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Association between thermal responses, medical events, performance, heat acclimation and health status in male and female elite athletes during the 2019 Doha World Athletics Championships

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posted on 30.03.2022, 14:43 authored by Sebastien Racinais, George HavenithGeorge Havenith, Polly AylwinPolly Aylwin, Mohammed Ihsan, Lee TaylorLee Taylor, Paolo Emilio Adami, Maria-Carmen Adamuz, Marine Alhammoud, Juan Manuel Alonso, Nicolas Bouscaren, Sebastian Buitrago, Marco Cardinale, Nicol van Dyk, Chris EshChris Esh, Josu Gomez-Ezeiza, Frederic Garrandes, Louis Holtzhausen, Mariem Labidi, Gűnter Lange, Alex LloydAlex Lloyd, Sebastien Moussay, Khouloud Mtibaa, Nathan Townsend, Mathew G Wilson, Stephane Bermon
PurposeTo determine associations between thermal responses, medical events, performance, heat acclimation and health status during a World Athletics Championships in hot-humid conditions.MethodsFrom 305 marathon and race-walk starters, 83 completed a preparticipation questionnaire on health and acclimation. Core (Tcore; ingestible pill) and skin (Tskin; thermal camera) temperatures were measured in-competition in 56 and 107 athletes, respectively. 70 in-race medical events were analysed retrospectively. Performance (% personal best) and did not finish (DNF) were extracted from official results.ResultsPeak Tcore during competition reached 39.6°C±0.6°C (maximum 41.1°C). Tskin decreased from 32.2°C±1.3°C to 31.0°C±1.4°C during the races (p<0.001). Tcore was not related to DNF (25% of starters) or medical events (p≥0.150), whereas Tskin, Tskin rate of decrease and Tcore-to-Tskin gradient were (p≤0.029). A third of the athletes reported symptoms in the 10 days preceding the event, mainly insomnia, diarrhoea and stomach pain, with diarrhoea (9% of athletes) increasing the risk of in-race medical events (71% vs 17%, p<0.001). Athletes (63%) who performed 5–30 days heat acclimation before the competition: ranked better (18±13 vs 28±13, p=0.009), displayed a lower peak Tcore (39.4°C±0.4°C vs 39.8°C±0.7°C, p=0.044) and larger in-race decrease in Tskin (−1.4°C±1.0°C vs −0.9°C±1.2°C, p=0.060), than non-acclimated athletes. Although not significant, they also showed lower DNF (19% vs 30%, p=0.273) and medical events (19% vs 32%, p=0.179).ConclusionTskin, Tskin rate of decrease and Tcore-to-Tskin gradient were important indicators of heat tolerance. While heat-acclimated athletes ranked better, recent diarrhoea represented a significant risk factor for DNF and in-race medical events.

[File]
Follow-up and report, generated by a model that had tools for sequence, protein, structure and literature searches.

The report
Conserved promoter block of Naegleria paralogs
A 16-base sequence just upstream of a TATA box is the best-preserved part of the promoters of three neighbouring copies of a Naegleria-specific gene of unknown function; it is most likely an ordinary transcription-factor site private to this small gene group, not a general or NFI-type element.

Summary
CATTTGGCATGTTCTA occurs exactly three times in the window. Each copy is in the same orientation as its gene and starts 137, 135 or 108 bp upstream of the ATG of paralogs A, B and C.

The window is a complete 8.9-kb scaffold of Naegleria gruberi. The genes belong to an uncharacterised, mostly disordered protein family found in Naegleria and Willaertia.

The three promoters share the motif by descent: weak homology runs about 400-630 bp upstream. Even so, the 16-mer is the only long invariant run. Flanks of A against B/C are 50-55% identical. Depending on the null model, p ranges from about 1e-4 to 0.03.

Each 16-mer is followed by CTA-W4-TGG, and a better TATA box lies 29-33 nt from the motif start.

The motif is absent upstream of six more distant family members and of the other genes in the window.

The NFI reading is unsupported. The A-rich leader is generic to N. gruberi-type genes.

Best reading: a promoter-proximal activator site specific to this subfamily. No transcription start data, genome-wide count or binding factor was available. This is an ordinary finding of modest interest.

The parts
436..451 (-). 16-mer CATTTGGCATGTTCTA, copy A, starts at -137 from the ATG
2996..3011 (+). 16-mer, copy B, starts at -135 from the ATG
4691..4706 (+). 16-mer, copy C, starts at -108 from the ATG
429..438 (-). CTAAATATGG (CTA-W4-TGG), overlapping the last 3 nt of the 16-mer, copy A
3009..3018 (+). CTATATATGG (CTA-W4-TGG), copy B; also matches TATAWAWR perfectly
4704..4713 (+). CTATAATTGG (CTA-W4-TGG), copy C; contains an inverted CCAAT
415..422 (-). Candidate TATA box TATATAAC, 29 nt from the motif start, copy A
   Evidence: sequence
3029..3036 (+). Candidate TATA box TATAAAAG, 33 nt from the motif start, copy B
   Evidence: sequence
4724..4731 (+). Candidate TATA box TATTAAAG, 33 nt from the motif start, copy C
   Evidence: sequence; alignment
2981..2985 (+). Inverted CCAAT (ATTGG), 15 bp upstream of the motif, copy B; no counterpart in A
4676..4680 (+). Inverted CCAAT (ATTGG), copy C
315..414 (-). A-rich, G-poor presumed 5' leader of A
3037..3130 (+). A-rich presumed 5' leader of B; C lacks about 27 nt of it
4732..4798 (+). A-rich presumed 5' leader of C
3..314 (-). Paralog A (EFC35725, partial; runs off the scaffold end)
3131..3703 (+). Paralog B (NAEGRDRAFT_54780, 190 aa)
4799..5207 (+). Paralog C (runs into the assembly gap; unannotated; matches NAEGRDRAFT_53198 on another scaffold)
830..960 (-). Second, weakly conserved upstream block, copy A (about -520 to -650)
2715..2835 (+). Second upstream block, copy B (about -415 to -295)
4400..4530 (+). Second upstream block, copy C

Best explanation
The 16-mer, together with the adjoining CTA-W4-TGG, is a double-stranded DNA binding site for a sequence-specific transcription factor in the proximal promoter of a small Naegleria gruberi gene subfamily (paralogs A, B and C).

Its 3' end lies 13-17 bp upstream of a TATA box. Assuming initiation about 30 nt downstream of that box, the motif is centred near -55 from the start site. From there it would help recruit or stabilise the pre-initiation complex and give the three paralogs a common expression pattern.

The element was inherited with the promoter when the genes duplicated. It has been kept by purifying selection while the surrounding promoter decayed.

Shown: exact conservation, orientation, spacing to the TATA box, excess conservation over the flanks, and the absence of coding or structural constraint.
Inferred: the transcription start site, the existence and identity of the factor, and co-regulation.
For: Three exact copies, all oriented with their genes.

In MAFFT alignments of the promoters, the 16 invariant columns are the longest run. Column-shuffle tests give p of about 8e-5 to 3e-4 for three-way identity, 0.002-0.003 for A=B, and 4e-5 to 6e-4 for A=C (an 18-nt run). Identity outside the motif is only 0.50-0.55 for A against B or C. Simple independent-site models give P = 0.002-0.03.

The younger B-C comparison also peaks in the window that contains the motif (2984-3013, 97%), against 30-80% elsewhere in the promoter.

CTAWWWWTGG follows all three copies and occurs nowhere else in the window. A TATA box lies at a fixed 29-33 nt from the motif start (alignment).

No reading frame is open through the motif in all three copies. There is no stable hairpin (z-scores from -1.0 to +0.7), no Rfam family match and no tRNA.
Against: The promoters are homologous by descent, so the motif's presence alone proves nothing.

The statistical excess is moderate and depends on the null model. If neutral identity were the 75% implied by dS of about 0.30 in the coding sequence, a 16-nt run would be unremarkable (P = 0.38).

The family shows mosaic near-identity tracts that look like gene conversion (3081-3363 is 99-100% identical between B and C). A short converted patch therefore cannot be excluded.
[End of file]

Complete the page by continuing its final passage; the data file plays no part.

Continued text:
Funding

World Athletics (formerly International Association of Athletics Federations)

History

School

  • Sport, Exercise and Health Sciences
  • Design and Creative Arts

Department

  • Design

Published in

British Journal of Sports Medicine

Volume

56

Issue

8

Pages

439-455

Publisher

BMJ

Version

VoR (Version of Record)

Rights holder

© The Authors

Publisher statement

This is an Open Access Article. It is published by BMJ under the Creative Commons Attribution-NonCommercial 4.0 International Licence (CC BY-NC 4.0). Full details of this licence are available at: https://creativecommons.org/licenses/by-nc/4.0/

Acceptance date

26/01/2022

Publication date

2022-02-14

Copyright date

2022

ISSN

0306-3674

eISSN

1473-0480

Language

en

Depositor

Prof George Havenith. Deposit date: 28 March 2022